People who drive for work warned over fatigue

Written by: Simon Pavey, Last updated:14th February 2022

Male driver sat in car yawning

GEM Motoring Assist has underlined the safety threat posed by people who drive when they’re exhausted, stressing how important it is for motorists to be aware of the issue and to always be alert when they’re behind the wheel.

The breakdown recovery firm said this is a particularly common problem among people who drive for work, meaning it’s something that fleet managers need to be aware of.

Introducing vehicle telematics is one action that supervisors can take to boost their understanding of driver behaviour and improve safety.

The dangers of fatigue

GEM cited research by the Royal Society for the Prevention of Accidents showing that fatigue is a contributing factor in around 20 per cent of crashes, particularly in the early hours of the morning.

Tiredness makes drivers less able to respond quickly and safely if a dangerous situation arises on the road, increasing the risk of collisions, particularly on long and monotonous stretches of motorway.

Shift workers, truck drivers and company car drivers are among those most at-risk of a fatigue-related accident. A clear majority (85 per cent) of motorists who cause fatigue-related crashes are male, and more than one third of those are under the age of 30, according to Brake, the road safety charity.

GEM road safety officer Neil Worth said: “Think about situations where you may be at increased risk of a collision because you’re tired. It may be the length of the journey you’re making that puts you at risk, but it could be your general state of alertness before you get behind the wheel.

“Crucially, when you’re driving, you will know when you’re starting to feel sleepy – it won’t just suddenly happen. So don’t ignore the warnings your body is giving you.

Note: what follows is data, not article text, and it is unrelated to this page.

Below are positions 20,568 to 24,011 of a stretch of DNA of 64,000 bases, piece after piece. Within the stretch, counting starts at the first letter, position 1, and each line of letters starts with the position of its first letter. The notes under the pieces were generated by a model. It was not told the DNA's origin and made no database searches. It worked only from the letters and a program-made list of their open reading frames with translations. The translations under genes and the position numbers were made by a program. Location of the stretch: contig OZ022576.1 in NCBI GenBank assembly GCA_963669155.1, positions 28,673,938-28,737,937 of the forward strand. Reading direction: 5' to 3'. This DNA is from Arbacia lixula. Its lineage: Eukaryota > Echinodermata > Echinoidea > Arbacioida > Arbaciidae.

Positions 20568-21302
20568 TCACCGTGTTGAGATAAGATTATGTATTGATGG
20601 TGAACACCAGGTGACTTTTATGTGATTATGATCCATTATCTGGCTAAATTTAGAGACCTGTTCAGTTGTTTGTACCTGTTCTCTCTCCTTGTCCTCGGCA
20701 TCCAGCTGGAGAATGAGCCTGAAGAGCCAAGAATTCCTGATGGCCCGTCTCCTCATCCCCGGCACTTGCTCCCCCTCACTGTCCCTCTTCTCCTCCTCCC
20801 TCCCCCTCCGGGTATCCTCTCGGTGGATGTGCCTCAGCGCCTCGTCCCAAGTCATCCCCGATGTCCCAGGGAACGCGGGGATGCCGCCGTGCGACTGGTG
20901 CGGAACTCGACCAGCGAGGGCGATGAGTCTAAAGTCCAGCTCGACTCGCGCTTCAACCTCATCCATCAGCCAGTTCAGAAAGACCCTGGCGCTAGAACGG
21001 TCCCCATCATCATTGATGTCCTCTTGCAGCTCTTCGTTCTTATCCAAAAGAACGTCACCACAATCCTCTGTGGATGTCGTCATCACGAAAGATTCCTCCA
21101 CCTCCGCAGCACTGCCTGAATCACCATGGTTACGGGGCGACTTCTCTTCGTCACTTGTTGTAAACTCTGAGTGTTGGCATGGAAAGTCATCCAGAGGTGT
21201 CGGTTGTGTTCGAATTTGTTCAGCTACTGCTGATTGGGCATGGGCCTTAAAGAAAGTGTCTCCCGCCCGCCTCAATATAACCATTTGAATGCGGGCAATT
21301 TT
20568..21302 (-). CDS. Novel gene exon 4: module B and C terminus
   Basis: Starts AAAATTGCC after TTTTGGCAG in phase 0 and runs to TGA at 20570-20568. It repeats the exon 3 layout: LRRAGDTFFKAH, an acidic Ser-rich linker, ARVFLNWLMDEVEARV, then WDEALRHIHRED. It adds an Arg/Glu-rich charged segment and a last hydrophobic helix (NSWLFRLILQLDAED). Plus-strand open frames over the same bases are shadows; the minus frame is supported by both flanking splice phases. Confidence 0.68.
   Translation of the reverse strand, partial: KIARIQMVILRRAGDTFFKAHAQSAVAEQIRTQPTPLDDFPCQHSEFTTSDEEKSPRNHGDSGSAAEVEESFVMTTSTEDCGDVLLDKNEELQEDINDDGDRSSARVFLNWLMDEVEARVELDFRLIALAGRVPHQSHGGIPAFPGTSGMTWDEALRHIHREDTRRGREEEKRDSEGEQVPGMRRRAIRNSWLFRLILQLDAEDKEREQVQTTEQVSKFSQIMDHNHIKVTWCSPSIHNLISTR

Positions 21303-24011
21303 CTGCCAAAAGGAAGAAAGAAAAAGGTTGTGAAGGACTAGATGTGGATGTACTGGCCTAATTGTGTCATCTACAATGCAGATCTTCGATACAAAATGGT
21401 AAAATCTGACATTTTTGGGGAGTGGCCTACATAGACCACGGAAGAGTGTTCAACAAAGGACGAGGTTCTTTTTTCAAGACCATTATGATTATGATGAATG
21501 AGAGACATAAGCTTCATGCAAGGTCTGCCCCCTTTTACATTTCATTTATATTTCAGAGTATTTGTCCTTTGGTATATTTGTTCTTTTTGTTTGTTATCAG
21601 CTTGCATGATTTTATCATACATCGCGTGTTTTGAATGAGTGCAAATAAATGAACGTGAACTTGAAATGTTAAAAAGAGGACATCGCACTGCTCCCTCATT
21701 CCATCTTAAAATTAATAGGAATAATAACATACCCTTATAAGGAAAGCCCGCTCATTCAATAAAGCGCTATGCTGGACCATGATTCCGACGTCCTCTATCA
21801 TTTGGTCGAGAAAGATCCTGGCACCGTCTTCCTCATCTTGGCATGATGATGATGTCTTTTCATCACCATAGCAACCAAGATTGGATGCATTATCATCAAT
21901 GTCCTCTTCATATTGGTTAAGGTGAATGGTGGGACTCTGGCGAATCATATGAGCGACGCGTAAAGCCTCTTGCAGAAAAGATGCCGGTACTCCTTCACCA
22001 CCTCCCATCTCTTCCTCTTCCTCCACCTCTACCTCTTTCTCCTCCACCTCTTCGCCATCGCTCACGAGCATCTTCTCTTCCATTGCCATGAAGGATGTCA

Safety measures

GEM recommended a number of steps that can help drivers reduce the risk of fatigue-related accidents:

  • Be sure to get a good night’s sleep before a long drive, since preventing fatigue is better than having to deal with the effects.
  • Aim to limit driving time to a maximum of eight hours a day.
  • Take regular breaks – at least 15 minutes every two hours or 100 miles is recommended.
  • Avoid driving at times you would usually be sleeping.
  • Consider pulling over somewhere safe and legal to take a 15-minute power nap if you start to feel sleepy behind the wheel.

Where fleet management is concerned, it’s important for businesses to do everything they can to protect their drivers and other road users. That includes educating vehicle operators about the dangers of tiredness, as well as other safe driving techniques and methods.

Introducing telematics technology can strengthen your understanding of driver habits and behaviours, giving you a data-based view of where positive changes can be made.

Jenny Smith, general manager for Tele-Gence, commented: “Being alert and vigilant at all times behind the wheel is absolutely essential, particularly for people whose jobs require them to spend a lot of time on the road.

“As obvious as this message is, it’s always worth repeating and remembering.”

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